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One has to appreciate that the players that come out of Stanford may not always look the most talented on the football field, but they seem to come to the NFL and show a knack for making rosters and making plays.
I watched Ryan Whalen in person on the practice fields in preparation for the East-West Shrine Game. It was clear that he did not necessarily have good athletic ability, but he stood out consistently in practices because of what a technician and smart player he was.
Doug Baldwin went undrafted out of Stanford and was arguably the Seattle Seahawks' most consistent receiver in 2011.
Most people think of Stanford graduates as smart. Trust me when I say that I am not praising Chris Owusu's intelligence because of the name of the school on his diploma. He plays the game with a high IQ, and you can see that on the game film. When he runs a corner route, he reads the leverage of the deep-cover man and makes an instantaneous decision about how he should run the top of the route.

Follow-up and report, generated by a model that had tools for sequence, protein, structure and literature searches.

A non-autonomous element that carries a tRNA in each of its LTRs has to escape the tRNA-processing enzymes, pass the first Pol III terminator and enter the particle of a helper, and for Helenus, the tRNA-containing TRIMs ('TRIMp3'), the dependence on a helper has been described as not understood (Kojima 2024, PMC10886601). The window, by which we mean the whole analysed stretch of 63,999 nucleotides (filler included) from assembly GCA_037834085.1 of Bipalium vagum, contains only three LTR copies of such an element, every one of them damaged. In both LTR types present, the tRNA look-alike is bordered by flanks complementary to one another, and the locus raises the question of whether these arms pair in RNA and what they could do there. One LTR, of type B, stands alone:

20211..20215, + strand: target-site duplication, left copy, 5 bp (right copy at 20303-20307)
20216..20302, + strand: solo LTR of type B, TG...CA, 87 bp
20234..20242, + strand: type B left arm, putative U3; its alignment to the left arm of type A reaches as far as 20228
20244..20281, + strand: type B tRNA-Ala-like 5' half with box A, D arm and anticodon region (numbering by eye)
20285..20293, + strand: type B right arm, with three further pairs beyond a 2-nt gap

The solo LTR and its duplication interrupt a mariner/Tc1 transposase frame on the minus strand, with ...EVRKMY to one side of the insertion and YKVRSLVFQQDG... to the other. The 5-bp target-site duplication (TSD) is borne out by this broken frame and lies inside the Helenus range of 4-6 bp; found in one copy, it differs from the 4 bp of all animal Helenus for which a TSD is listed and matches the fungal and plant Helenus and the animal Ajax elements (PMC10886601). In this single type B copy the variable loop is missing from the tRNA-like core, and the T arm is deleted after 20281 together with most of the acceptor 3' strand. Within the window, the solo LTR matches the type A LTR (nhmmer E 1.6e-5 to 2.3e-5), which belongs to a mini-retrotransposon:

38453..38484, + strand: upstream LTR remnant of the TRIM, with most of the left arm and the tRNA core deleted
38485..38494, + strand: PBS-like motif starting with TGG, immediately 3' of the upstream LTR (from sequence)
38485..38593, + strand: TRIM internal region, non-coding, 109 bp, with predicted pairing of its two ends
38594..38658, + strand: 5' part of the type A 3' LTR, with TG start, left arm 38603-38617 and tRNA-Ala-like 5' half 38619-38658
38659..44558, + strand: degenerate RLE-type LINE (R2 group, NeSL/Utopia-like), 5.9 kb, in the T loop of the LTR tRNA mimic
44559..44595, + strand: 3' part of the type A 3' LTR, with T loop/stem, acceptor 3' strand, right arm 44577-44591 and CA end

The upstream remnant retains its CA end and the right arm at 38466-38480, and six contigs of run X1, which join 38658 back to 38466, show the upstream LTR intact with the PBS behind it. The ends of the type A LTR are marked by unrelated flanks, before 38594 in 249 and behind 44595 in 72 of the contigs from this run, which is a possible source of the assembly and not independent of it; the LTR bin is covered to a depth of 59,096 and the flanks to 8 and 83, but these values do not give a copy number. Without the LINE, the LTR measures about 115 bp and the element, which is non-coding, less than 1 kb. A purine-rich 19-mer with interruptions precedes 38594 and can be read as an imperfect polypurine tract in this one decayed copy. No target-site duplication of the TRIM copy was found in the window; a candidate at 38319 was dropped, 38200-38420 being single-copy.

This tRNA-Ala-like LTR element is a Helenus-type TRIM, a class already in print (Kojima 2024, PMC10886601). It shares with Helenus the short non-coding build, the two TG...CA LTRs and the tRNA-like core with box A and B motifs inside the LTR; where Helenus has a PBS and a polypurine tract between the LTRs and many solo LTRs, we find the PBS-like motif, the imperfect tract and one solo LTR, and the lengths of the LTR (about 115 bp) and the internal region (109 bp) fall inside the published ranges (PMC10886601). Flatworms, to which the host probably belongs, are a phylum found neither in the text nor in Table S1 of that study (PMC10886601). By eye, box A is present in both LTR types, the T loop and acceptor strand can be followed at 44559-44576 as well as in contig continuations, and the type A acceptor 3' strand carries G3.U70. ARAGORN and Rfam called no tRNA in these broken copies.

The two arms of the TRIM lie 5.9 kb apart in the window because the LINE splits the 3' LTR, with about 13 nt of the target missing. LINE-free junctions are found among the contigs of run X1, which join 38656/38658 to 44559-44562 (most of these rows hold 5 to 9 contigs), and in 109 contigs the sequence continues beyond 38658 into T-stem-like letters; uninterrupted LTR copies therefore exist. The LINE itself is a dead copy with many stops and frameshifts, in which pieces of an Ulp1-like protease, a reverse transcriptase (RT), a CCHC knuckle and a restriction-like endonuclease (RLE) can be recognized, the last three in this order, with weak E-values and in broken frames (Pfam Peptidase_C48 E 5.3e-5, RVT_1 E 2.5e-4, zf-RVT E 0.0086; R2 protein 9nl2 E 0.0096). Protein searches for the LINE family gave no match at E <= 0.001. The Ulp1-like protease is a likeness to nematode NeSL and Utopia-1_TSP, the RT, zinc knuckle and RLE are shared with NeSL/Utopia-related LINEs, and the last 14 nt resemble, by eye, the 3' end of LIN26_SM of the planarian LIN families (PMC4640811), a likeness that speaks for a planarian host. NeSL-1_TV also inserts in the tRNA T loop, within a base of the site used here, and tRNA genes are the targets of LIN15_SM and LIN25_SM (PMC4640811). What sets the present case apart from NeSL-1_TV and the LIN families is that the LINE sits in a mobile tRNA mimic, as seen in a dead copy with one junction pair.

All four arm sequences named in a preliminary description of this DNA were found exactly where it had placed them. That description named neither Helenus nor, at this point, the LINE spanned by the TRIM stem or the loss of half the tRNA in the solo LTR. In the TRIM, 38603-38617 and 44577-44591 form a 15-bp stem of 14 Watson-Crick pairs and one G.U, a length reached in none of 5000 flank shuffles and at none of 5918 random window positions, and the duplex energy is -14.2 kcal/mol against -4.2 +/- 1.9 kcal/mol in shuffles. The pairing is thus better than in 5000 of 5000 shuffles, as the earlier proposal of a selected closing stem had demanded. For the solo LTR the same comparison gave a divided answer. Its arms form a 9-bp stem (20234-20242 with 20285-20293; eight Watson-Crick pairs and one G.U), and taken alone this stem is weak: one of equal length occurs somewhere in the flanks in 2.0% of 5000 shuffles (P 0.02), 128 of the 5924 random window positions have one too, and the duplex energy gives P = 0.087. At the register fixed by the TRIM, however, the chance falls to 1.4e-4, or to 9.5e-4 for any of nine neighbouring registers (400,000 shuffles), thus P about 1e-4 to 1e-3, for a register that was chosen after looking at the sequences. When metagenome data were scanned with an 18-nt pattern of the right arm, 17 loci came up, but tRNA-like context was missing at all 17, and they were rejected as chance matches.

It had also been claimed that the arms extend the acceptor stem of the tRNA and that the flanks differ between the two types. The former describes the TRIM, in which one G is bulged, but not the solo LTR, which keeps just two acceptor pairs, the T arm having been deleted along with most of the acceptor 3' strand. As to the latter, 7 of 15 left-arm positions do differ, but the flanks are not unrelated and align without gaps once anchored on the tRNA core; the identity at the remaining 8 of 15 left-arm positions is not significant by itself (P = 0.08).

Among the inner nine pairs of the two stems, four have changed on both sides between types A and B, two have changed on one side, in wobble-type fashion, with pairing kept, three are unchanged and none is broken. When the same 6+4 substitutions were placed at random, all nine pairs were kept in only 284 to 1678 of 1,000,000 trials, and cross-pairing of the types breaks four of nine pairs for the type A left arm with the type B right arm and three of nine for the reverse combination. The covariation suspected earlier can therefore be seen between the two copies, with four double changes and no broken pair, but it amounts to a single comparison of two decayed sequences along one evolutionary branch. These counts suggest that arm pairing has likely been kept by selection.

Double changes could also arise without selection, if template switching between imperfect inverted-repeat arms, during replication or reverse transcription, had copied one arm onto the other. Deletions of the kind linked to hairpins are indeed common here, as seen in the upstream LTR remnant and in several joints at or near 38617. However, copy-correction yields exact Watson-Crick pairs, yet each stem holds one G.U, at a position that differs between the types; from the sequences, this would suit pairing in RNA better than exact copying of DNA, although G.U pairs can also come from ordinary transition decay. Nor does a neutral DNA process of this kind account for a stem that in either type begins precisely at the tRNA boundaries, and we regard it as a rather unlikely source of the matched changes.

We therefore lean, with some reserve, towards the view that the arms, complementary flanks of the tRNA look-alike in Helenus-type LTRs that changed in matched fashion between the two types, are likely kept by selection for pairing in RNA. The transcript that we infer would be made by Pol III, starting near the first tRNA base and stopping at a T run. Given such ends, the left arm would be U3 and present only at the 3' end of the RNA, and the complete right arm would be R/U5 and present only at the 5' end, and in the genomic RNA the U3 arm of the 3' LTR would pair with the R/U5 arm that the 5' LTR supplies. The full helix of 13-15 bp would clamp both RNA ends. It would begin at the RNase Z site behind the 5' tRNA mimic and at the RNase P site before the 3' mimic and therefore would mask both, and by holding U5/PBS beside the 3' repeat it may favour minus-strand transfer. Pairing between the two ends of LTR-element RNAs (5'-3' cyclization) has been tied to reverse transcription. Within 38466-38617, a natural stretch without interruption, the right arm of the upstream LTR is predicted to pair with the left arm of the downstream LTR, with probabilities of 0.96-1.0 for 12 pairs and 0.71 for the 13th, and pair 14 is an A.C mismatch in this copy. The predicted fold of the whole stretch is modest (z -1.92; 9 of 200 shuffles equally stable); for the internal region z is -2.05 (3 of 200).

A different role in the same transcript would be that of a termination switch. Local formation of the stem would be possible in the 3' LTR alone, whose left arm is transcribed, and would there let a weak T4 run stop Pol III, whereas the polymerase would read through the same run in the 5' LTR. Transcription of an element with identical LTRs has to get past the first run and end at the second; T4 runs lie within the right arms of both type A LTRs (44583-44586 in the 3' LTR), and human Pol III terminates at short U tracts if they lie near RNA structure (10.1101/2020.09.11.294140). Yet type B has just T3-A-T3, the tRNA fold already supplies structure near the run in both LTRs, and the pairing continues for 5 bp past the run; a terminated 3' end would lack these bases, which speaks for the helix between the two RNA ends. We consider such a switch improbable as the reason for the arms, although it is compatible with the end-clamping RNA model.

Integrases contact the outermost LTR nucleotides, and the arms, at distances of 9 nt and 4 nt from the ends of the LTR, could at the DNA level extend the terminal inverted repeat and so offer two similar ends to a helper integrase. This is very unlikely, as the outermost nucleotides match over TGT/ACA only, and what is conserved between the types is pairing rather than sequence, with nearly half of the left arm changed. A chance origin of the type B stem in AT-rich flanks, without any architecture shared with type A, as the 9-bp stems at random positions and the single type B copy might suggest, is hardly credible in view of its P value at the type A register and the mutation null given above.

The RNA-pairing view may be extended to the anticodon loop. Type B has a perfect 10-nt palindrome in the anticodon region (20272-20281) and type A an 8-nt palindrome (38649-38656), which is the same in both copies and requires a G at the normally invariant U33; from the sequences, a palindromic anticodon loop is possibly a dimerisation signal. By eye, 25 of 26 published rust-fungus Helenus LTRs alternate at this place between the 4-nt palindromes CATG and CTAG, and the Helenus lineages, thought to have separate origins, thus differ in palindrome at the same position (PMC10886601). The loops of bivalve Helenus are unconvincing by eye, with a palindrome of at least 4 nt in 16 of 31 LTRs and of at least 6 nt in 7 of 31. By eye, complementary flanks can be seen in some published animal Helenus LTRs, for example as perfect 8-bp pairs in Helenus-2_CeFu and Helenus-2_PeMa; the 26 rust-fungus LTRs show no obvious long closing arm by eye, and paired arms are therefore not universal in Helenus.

On a deep catch against Duke, he recognized immediately that to maximize his space in the zone, he should take down his speed to about three-quarters, almost as if he were playing decoy. He knew he couldn't beat the safety vertically because he had begun to bail very early and turned his hips to maintain over top leverage.
Owusu knows how routes need to be run in order to get open, and he is able to use his athletic ability and intelligence to manipulate defenders.